02 Oct 2016

The Guardian Admires Daniel Hannan

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danielhannan
Daniel Hannan

Britain’s Guardian, the voice of Labour, has a very good, very long article by Sam Knight, paying tribute to Daniel Hannan as the key figure responsible for the recent referendum victory taking Britain out of the EU.

Hannan was part of a particular generation of young Conservatives deeply marked by these events. He was in his first term at Oxford, studying history at Oriel, when Thatcher resigned on 23 November 1990. Twenty-three days later, John Major approved an early draft of Maastricht. The sense of a mighty mistake being made has never left Hannan. By the end of term, he had founded the Campaign for an Independent Britain, or CIB, at the Queen’s Lane cafe on Oxford High Street.

“I remember swearing what the old adventure stories would call a terrible oath to do something,” he told me. …

At Oxford, Hannan’s screeds on Maastricht quoted Aristotle, Shakespeare and William Pitt the Younger. But he also had an eye for a stunt. Conservative ministers visiting the CIB were ambushed and photographed with anti-EU T-shirts, while Hannan’s speeches – as his writings are now – were littered with arch, aphoristic observations. Lord Salisbury was able to run the British empire with 52 civil servants. King’s College, Cambridge, has produced more Nobel prize winners than France. The world’s oldest parliaments all hail from small islands. Goldman Sachs wants you to vote remain. “A Hannan soundbite does stick with you,” said Littlewood. “He does make you think.” …

[W]orking to another order of events, separated Hannan and the other Maastricht diehards – even from fellow Tories who might otherwise agree with them. “The view at the centre was these were the people who had kept the Conservative party out of power for years,” said Gove. “Whatever they are most passionately in favour of must perforce be at best eccentric, at worst electoral disaster.”

One new MP in 2005 remembered being lobbied to support the move out of the EPP and asking an older colleague for advice. “He said, ‘You just cannot. It looks good. But you cannot give an inch to these guys because they will never, ever accept it. They will take and take and take until they have won.’” Several Conservative MPs I spoke to for this article compared Hannan and his set to “entryists” and “Trots” for their ideological purity, their quest to reassert what they regard as Britain’s lost place in the world. “They are grammar-school imperialists,” one MP told me. “A hundred years ago Hannan and his ilk would have been able to vent their rather bizarre beliefs bullying people in a nether-province of India.”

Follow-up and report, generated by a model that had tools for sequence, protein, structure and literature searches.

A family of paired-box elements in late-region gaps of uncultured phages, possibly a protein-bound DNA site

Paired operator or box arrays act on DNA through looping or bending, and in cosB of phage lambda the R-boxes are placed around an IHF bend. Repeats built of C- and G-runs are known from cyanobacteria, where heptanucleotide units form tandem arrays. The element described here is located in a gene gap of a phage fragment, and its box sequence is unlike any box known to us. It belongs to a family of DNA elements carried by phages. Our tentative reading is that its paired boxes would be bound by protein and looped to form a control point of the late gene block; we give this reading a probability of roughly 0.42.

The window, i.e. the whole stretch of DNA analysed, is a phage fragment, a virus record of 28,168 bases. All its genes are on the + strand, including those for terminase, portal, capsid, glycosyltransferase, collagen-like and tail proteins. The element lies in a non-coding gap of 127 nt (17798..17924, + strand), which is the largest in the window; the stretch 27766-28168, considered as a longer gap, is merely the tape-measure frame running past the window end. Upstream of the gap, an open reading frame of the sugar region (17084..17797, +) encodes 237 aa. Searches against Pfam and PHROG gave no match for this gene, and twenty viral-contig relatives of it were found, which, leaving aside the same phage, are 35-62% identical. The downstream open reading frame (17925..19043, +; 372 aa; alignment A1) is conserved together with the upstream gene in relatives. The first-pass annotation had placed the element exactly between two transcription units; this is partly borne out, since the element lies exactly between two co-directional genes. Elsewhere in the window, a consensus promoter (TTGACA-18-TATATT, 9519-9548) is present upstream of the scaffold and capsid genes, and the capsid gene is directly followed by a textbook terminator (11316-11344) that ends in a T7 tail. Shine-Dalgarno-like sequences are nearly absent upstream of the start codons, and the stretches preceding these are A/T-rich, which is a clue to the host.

Hannan says such insults have never bothered him. “It passes by as the idle wind that I respect not,” he said. He simply regards himself as a different kind of a politician. “I think public life for me has a slightly didactic role, OK,” he said. “You should be trying to shift the centre ground of public opinion.” …

In November 2009, though, the Conservatives abandoned their own manifesto promise to hold a referendum on the Lisbon treaty. Hannan called Cameron’s office to resign from his duties in Brussels – he was the party’s legal affairs spokesman in Europe. A senior aide picked up the phone. “I said … I just think you’ve made the most terrible mistake,” Hannan recalled. But he promised to step down without publicity. The adviser thanked him, and asked Hannan what he planned to do next. “I’m going to devote myself full time to securing and then winning a referendum on leaving the EU,” Hannan replied. The aide laughed down the line. “Good luck with that.”

Hannan put the phone down. He was in his office in Brussels. The Macauley poem, Horatius at the Bridge, entered his mind: “Who will stand on either hand / And keep the bridge with me?

Read the whole thing.

Hat tip to Frank A. Dobbs.

Hannan is a brilliant conservative who knows what he is talking about, as this video of Hannan in action in the EU Parliament demonstrates.

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Bunny

Doesn’t Hannon seem suspiciously like a covert xenophobic nativist/nationalist to you?
http://www.theamericanconservative.com/dreher/cultured-hicks/comment-page-1/



JDZ

Actually, I’m opposed to African & Asian Islamic immigration myself. And I and am not admirer of the EU and was in favor of Brexit. I am merely in favor of letting in assimilable Hispanic cheap labor, and hostile to vulgar populist stupidity.



Seattle Sam

Why is the subject of immigration always framed as “close the gates” versus “let them in”. Obviously there are some kinds of immigrants that are on balance hugely profitable to allow and others that have huge real or potential costs. There are undoubtedly some Syrians that we would welcome. But to say “let’s let 50,000 Syrian immigrants in” is to be indiscriminately stupid.

But that same attitude gets applied in other areas just as stupidly. In Seattle they want to adopt a law that would force landlords to rent on a first come first serve basis. In other words you would be prohibited from choosing among applicants the prospect that seemed most likely to pay his rent or to be a quiet tenant.



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